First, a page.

Most reported cases of PPL reference a median age of presentation of 55–60 years with a male preponderance. Clinical presentation and imaging studies are often very similar to that of pancreatic adenocarcinoma. [2] [3] Primary pancreatic lymphoma often presents as an isolated pancreatic mass mimicking adenocarcinoma, but without marked pancreatic ductal dilatation on imaging. (Table 1) Unlike other pancreatic cancers, obstructive jaundice, as was seen in our patient, is an uncommon presenting feature of pancreatic lymphoma. [3] Histopathological analysis by fine-needle aspiration (FNA) is required for the diagnosis of this rare variety of non-Hodgkin's lymphoma. [4] [5] Surgery is often reserved for the rare instance when percutaneous or endoscopic biopsies are not diagnostic, or to bypass biliary obstruction. [1] Lactate dehydrogenase (LDH) and beta-2 microglobulin levels might be helpful tools in its differentiation from other common pancreatic cancers. While pancreatic adenocarcinoma is often associated with a grave prognosis, PPL is potentially treatable. [1] [2] The cyclophosphamide, doxorubicin, vincristine and prednisone (CHOP) based regimen is the most commonly used therapy. Addition of rituximab, given CD20 positivity to this regimen has been reported to increase complete response rate and prolong both overall and event free survival in recent years. [1] Doxorubicin was not used in the index case to prevent risk of therapy related cardiotoxicity given the patient's age at presentation. This report highlights the need for a heightened clinician awareness of PPL. Though clinically difficult to differentiate from pancreatic adenocarcinoma, its potential curability with therapy makes accurate diagnosis worthwhile. The role of surgery and radiotherapy in treatment remains controversial. [1] [4] [5]

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Figure 1: Hypoechoic pancreatic head mass on EUS in patient with primary pancreatic lymphoma

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Figure 2: Photomicrograph slides of pancreatic tissue in primary pancreatic lymphoma,(A, B): H&E stain of FNA sample of pancreatic tissue under high and low power view, (C) CD 20 positive B-cells.

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Tale 1: Differences between primary pancreatic lymphoma and pancreatic adenocarcinoma.


Maurice Bouchard

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  2. Piesman M, Forcione DG. A case of pancreatic lymphoma. MedGenMed 2007 Aug 9;9(3):32.   [Pubmed]    Back to citation no. 2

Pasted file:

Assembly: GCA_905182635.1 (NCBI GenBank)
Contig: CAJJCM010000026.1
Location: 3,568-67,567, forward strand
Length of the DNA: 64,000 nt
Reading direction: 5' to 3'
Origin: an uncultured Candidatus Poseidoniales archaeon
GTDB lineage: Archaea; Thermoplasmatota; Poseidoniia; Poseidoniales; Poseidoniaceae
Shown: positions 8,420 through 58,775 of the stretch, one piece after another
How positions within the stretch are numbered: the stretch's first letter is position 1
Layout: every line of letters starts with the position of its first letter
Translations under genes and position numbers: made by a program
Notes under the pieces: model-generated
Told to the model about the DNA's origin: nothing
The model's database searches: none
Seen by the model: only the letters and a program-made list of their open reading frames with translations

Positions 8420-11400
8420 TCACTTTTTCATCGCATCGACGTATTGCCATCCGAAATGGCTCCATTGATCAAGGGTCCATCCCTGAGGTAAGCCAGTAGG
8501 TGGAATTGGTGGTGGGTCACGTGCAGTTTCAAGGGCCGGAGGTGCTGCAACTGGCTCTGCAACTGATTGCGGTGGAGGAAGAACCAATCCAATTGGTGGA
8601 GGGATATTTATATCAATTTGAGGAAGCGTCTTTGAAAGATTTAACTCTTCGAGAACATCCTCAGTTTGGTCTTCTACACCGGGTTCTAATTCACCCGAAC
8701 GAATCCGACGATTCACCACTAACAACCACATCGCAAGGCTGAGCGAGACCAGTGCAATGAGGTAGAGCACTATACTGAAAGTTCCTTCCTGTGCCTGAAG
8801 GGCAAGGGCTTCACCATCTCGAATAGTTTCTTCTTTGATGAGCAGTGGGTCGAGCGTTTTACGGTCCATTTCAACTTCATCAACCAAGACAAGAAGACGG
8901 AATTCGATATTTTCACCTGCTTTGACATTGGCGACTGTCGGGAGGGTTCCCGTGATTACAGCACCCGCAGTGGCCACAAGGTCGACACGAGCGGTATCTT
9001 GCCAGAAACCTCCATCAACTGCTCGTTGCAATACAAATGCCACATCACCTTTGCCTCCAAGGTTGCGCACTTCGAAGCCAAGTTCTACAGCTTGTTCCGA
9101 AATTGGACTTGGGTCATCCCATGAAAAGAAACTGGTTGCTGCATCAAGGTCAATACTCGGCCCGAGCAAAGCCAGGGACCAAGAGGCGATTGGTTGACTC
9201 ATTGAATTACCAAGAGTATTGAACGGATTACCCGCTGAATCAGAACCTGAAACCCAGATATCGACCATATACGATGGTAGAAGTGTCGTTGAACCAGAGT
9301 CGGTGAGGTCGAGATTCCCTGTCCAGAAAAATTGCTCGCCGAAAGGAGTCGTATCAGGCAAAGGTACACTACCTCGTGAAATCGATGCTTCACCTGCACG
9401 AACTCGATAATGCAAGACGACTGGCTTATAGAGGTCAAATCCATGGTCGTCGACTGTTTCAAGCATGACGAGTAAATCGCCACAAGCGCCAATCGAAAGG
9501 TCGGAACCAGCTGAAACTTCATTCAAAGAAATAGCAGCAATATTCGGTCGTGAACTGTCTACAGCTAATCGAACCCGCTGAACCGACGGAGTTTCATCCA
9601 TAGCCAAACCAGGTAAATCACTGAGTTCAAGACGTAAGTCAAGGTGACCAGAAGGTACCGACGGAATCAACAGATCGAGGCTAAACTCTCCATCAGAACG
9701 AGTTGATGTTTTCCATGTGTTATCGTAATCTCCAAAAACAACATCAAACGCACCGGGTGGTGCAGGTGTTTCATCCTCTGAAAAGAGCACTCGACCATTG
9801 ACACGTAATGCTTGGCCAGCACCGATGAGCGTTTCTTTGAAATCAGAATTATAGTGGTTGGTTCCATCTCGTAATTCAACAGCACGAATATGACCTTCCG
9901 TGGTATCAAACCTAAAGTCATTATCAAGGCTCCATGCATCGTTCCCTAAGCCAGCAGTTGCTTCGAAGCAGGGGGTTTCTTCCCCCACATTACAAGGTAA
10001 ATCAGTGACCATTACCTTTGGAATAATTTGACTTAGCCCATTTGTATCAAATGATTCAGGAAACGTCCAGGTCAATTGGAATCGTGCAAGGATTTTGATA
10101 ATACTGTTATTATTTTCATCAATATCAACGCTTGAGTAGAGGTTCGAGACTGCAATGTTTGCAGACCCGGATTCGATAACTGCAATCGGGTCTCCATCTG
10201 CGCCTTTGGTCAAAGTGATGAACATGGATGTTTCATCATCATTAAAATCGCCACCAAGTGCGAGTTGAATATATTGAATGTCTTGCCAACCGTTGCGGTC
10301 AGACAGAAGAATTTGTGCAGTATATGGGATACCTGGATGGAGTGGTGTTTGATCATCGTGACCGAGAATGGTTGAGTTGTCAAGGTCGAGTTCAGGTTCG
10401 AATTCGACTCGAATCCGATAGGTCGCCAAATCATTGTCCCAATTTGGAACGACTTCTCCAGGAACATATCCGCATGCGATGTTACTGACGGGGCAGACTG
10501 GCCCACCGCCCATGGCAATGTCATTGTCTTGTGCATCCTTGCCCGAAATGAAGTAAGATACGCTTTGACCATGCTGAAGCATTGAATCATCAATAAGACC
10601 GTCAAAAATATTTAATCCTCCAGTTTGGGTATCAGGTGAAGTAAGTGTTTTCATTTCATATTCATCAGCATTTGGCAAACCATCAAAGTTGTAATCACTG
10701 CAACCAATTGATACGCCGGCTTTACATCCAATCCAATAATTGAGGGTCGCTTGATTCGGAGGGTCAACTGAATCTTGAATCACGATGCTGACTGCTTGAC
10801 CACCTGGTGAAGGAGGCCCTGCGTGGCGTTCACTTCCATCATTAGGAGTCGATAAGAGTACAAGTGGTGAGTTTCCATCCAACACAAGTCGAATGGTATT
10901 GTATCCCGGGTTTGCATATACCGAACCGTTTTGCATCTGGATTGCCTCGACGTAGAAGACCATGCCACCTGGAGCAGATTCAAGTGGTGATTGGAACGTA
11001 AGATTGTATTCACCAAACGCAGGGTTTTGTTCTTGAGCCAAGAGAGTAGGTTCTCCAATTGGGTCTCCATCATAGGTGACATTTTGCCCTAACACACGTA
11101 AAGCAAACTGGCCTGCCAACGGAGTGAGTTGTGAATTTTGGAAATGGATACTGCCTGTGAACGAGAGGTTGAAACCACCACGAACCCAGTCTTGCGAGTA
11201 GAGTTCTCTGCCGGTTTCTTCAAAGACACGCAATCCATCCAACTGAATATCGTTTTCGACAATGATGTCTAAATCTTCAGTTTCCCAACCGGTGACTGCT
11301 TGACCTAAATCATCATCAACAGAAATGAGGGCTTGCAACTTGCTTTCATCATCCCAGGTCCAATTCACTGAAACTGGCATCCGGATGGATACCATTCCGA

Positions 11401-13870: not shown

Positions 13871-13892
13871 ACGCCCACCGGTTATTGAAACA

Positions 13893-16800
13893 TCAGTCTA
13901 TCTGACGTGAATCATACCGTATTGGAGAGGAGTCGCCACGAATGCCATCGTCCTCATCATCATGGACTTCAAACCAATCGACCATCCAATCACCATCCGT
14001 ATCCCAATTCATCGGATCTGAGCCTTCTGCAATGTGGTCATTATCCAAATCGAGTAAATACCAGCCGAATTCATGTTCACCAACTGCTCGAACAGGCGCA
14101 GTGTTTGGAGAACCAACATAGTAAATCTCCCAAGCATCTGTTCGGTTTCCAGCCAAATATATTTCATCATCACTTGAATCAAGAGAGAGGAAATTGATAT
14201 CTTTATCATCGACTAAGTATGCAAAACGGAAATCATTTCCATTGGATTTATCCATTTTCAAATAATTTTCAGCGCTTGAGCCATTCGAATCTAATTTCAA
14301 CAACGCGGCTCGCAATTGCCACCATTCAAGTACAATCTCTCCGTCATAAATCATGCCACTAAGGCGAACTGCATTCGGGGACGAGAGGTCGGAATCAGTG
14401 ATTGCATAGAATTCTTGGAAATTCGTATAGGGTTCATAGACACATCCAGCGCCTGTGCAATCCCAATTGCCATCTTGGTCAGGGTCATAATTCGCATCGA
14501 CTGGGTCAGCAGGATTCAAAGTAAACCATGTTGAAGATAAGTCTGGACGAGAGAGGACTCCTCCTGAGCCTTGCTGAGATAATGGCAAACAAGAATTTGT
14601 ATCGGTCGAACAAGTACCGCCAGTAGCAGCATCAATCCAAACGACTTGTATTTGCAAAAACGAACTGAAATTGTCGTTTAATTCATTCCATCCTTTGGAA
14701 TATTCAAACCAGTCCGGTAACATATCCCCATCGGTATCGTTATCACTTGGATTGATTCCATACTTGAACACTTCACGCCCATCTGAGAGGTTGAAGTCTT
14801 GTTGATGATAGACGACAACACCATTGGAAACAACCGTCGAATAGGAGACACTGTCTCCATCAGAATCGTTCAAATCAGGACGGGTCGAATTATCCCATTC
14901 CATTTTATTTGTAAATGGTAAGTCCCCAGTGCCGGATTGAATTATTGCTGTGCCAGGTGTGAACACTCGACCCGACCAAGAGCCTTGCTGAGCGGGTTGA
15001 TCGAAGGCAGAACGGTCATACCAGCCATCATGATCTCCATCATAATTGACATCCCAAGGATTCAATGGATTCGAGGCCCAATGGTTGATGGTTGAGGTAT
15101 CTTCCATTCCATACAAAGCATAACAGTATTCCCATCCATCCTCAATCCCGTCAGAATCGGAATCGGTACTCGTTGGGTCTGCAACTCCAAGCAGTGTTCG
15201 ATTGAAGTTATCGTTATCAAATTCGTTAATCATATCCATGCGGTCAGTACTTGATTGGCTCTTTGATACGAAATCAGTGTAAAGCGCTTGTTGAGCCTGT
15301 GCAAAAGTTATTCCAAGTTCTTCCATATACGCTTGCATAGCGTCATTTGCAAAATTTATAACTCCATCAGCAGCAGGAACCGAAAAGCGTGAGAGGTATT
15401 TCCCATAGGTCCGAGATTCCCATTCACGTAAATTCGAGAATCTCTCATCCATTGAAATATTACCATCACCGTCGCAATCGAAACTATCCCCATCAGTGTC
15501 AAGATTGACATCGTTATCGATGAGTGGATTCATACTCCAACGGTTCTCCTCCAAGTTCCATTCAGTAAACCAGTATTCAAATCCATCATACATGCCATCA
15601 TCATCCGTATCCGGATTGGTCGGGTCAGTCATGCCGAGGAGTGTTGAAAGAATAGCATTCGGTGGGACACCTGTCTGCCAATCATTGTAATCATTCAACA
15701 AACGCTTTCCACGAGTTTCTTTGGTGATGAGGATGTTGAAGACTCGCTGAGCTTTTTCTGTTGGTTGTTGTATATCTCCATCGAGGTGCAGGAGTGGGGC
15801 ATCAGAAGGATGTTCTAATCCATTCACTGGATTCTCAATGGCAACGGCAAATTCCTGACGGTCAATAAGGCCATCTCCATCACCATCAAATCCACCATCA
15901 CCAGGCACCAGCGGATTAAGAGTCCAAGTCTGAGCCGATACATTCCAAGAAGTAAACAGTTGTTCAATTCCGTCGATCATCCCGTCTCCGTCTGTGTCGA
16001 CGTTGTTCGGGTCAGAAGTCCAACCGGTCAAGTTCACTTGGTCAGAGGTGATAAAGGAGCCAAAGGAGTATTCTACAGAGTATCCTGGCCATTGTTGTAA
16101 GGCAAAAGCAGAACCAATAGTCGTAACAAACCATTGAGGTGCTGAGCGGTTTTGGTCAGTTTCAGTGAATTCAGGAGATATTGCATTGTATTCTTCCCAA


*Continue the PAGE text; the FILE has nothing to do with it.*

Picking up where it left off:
3. Lin H, Li SD, Hu XG, Li ZS. Primary pancreatic lymphoma: Report of six cases. World J Gastroenterol 2006 Aug 21;12(31):5064–7.   [Pubmed]    Back to citation no. 3
  4. Ribeiro A, Vazquez-Sequeiros E, Wiersema LM, Wang KK, Clain JE, Wiersema MJ. EUS-guided fine-needle aspiration combined with flow cytometry and immunocytochemistry in the diagnosis of lymphoma. Gastrointest Endosc 2001 Apr;53(4):485–91.   [CrossRef]   [Pubmed]    Back to citation no. 4
  5. Du X, Zhao Y, Zhang T, et al. Primary pancreatic lymphoma: A clinical quandary of diagnosis and treatment. Pancreas 2011 Jan;40(1):30–6.   [CrossRef]   [Pubmed]    Back to citation no. 5
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Author Contributions:
Amara Okoli – Acquisition of data, Analysis and interpretation of data, Drafting the article, Critical revision of the article, Final approval of the version to be published
Nischala Ammannagari – Acquisition of data, Analysis and interpretation of data, Drafting the article, Critical revision of the article, Final approval of the version to be published
Kathleen Laveaux – Analysis and interpretation of data, Critical revision of the article, Final approval of the version to be published
Kiran Nakkala – Analysis and interpretation of data, Critical revision of the article, Final approval of the version to be published
Guarantor of submission
The corresponding author is the guarantor of submission.
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Conflict of interest
Authors declare no conflict of interest.
© 2014 Amara Okoli et al. This article is distributed under the terms of Creative Commons Attribution License which permits unrestricted use, distribution and reproduction in any medium provided the original author(s) and original publisher are properly credited. Please see the copyright policy on the journal website for more information.